January 7, 2005: Kimiko Nakanishi, Some Comparative Constructions in Japanese;
Toshiko Oda, Semantics of Exclamatives

[Japanese | English]

3:30pm, January 7, 2005
Conference room, 3rd floor, Building 10, College of Arts and Sciences, University of Tokyo Komaba campus.
Talk 1
Kimiko Nakanishi, University of Connecticut
Some Comparative Constructions in Japanese
The central goal of this talk is to provide a mechanism of comparative quantification in the verbal domain. It is well known that adjectival comparatives involve a comparison of degrees associated with adjectives (e.g., in "John is taller then Mary", John's degree of tallness and Mary's degree of tallness are compared). It has been argued that, in nominal comparative constructions such as "more than five boys came", the relevant degree is associated with a cardinality of individuals. Extending this analysis to the verbal domain, I argue that, in some comparative constructions in Japanese, the degree of comparison is associated with an event argument.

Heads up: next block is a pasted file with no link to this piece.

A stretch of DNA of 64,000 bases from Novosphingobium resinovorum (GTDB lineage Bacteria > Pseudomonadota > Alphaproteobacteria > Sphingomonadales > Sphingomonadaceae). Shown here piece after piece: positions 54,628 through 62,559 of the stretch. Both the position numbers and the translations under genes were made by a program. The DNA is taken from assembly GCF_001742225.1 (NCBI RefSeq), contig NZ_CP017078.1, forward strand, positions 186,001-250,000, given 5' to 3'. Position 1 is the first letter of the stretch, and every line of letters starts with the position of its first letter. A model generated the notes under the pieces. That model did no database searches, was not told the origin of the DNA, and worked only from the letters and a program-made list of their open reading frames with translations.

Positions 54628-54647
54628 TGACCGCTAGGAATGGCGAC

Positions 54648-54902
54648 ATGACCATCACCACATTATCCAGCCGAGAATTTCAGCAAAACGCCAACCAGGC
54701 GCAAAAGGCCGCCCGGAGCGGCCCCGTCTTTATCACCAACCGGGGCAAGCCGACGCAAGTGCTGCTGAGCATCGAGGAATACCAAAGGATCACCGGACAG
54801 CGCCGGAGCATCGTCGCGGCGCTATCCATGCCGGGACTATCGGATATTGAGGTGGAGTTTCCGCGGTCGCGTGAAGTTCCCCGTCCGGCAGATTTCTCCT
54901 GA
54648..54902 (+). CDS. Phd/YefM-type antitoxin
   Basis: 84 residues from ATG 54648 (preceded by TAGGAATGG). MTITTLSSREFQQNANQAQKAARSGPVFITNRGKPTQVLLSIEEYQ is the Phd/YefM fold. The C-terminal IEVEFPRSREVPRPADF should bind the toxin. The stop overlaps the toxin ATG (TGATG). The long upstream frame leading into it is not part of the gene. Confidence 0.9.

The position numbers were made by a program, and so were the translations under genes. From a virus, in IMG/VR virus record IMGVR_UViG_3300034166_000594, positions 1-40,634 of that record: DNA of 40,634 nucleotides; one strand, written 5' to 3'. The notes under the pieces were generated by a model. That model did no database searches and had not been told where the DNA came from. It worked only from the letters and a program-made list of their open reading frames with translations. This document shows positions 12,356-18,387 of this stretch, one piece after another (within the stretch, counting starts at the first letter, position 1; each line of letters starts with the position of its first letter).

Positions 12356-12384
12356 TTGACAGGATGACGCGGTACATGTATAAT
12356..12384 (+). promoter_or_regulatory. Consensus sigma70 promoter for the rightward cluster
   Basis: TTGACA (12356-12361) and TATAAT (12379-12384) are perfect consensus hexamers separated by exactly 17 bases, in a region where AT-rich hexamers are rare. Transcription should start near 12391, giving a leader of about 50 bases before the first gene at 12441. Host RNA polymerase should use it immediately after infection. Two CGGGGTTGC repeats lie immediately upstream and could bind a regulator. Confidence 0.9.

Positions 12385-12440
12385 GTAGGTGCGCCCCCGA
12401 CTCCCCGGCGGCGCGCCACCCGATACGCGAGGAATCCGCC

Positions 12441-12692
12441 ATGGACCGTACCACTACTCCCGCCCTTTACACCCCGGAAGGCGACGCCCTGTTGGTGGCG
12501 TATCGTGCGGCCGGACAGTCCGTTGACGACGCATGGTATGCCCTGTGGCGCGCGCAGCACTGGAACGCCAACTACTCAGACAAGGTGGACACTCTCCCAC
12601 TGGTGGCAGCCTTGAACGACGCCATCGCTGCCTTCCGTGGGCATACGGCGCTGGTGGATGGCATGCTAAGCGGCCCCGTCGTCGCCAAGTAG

Talk 2
Toshiko Oda, Tokyo Keizai University and University of Connecticut
Semantics of Exclamatives
This paper investigates the semantics of exclamatives. I will argue that exclamatives are basically an instance of comparatives. Evidence is obtained from the negative island effect in exclamatives. An exclamative sentence What a tall boy John is! becomes ungrammatical when it is negated as in *What a tall boy John isn't! This is similar to the negative island effect in comparatives such as *John is taller than Mary isn't. I argue that comparatives and exclamatives share a core property, namely, that they contribute sets of degrees. The basic semantics of the above exclamative sentence can be analyzed as a comparison between John's maximal tallness and the degree the speaker expects in a given context.

Semantics Research Group
Sponsored by the Center for Evolutionary Cognitive Sciences at the University of Tokyo

Last modified: 2005-01-05 14:41:08 JST